EXPANDING FROM THE INSIDE OUT
Creativity connects us to depths unawares and when that happens we expand from the inside out…
Sometimes the internal will drive the external and sometimes the external will drive the internal.
Sometimes it’s symbiotic.
When I’m having trouble getting it together and being who I want to be or doing what I want to do, I can either just be, or choose to move forward in one of two ways (or both!):
The Nike saying, “just do it,” comes to mind. Up until my forties, I didn’t have the skill to “just do it”…that’s a skill you learn either by practicing piano every day or cleaning the bugs out of the window screens every summer, one teensy hole at a time—with a toothbrush. So sometimes, powering through the activity to reach the goal (whether it’s a first draft of a paper, a chapter, an editing session, vocalizing, going out to exercise, etc.) is the necessary choice.
Other times, and it’s difficult for me to know what my creative soul needs, I need to wait until the internal material emerges for the words to flow or for the feeling to strike. Those magic moments of intuition are tough to come by, which can affect my relationship to my creativity and bring me down. Then I start to doubt and the downward spiral begins. Relying on intuition is tricky, indeed.
OR vise versa, if you’re not in the mood to do something but you do it anyway out of discipline and sheer will, often your heart will follow. This is cognitive therapy at its best and even positive thinking in action.
Truth be told, if I vocalize every day out of habit, then when my inspiration does strike, I’ll be in shape. Or if I exercise regularly, I’ll be able to handle the next exhausting jaunt across London (or if I were a dancer, be on point for the next audition, etc).
So powering through is hardly ever a bad idea. In the end, even if the inspiration does not make its way into the picture, my mental fortitude has become stronger.
When my internal overflows with emotion or explodes from a crisis, then my skill will be waiting for me to create and express … to produce. So my product is directly affected by my discipline and my discipline is part of my process.
Learning how product and process integrate the internal and the external is one very powerful component of interacting with creativity on an individual level.
It’s also the secret to allowing the human race to thrive, but that’s another blog and might end up surpassing the 1000 word count!
How can I tell when I should just be?
I ask myself if I really want to do the project. I ask myself if it feels like a hurdle, a roadblock, or a dead end. People always say you have to have faith in your work. This is what they mean. If I’ve lost my faith in my novel (or screenplay or musical masterpiece, my acting chops—what have you) then there will be no capacity to carry it to completion. It’s important to take inventory of my belief in my work.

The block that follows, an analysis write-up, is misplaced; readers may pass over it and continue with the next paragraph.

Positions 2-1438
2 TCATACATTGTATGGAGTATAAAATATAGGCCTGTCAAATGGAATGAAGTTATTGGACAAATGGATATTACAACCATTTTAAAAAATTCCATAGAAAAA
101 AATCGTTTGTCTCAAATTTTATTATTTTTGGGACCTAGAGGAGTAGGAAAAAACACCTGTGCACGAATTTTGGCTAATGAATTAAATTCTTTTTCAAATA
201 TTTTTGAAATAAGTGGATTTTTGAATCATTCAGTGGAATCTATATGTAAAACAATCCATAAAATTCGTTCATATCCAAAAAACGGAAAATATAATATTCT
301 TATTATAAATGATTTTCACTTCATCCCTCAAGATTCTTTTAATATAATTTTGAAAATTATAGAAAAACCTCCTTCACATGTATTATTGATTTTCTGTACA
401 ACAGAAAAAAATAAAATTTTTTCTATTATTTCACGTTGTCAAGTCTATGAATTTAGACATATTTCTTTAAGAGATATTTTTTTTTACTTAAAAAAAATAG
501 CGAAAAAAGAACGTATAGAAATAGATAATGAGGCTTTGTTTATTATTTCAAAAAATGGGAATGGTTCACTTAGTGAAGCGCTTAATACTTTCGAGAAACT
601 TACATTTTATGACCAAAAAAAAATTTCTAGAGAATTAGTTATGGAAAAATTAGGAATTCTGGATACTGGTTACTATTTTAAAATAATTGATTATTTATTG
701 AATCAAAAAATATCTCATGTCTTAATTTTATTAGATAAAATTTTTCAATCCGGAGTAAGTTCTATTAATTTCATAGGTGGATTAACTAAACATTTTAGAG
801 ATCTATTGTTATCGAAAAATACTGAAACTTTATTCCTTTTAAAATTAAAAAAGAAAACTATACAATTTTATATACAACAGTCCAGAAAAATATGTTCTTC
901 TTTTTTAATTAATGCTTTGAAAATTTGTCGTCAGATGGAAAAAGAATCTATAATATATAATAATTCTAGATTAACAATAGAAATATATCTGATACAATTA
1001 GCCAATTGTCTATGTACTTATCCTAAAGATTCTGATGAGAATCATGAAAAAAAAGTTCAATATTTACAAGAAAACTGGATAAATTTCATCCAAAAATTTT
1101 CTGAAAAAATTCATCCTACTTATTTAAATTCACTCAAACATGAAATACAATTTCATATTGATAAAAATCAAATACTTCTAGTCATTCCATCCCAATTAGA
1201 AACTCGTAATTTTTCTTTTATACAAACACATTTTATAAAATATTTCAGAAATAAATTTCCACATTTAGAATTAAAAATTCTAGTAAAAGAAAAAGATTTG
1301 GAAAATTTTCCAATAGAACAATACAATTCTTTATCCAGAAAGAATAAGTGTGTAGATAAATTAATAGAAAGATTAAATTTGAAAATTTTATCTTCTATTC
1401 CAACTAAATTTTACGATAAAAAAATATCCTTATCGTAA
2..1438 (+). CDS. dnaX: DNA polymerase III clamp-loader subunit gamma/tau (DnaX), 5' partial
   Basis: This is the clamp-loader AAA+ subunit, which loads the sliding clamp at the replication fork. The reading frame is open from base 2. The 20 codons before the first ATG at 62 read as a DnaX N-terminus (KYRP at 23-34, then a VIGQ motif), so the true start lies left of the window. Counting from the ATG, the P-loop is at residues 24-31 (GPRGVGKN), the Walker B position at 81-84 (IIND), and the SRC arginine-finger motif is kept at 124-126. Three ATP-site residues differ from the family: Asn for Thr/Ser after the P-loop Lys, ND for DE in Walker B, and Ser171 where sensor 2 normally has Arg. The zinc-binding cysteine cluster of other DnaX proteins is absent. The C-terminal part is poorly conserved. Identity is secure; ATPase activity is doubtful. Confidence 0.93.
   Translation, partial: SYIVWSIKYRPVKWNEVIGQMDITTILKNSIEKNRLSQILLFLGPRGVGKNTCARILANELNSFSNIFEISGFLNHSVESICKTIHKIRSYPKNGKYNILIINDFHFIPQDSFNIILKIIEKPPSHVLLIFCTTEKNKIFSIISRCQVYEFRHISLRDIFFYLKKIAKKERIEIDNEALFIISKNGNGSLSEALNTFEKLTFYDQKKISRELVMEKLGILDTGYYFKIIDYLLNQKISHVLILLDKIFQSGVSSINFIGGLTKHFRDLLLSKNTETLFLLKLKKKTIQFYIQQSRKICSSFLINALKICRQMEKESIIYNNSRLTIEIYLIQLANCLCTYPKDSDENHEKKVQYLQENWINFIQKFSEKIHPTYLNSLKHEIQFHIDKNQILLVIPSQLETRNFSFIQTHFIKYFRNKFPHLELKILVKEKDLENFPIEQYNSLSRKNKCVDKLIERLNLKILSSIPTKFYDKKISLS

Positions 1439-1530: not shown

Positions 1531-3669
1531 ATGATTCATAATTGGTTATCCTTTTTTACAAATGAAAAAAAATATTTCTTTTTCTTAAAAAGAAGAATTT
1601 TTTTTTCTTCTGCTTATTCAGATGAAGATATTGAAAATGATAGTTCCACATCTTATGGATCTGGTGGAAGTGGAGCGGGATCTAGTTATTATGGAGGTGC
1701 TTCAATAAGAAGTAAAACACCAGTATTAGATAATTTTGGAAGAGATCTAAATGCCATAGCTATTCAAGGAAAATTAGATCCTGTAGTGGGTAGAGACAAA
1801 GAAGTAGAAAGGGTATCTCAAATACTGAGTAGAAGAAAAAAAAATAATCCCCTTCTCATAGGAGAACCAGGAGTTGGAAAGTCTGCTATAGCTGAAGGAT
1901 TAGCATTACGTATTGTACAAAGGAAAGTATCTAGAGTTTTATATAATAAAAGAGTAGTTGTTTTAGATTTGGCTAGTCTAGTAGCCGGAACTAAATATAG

I ask myself if I am being fair to my creativist soul. Am I contributing a good amount of my life force to my writing (art, dream, project) or am I mostly just distracted?
My writing teacher once told us not to worry when we felt stuck. “You are still writing even if the words don’t appear on the page,” were the exact words. This reminds me to allow the internal some sacred space, but I still must show up at the keyboard and flex the muscle of being a writer.
Distractions can be viewed as the price to pay. My voice therapist once told me, “In order for you to heal and come every week to therapy, something has to go.” This taught me that there is a price to pay. For the creativist, it might mean saying no to a coffee date or a clean kitchen or a larger paycheck from the day job.
Distractions can also be Creastination, which allows ideas to germinate and more ideas to be caught. I can’t collect ideas if I don’t intentionally bring myself to the fountain that is always flowing. That fountain may look different to each Creativist. The fountain may be the fullest when you’re super busy with other things and your brain is on overload. For me, I’ve learned I need wallow time—lots of space to feel my feelings and drop the other roles.
This is not meant to be a ‘how to’ but a mirror of a creativist journey—an exploration of the interchangeable nature of process and product; internal and external symbiosis; a relationship that is never static. Every single person on the planet has a relationship with creativity. Cultivating it and understanding it will help it thrive.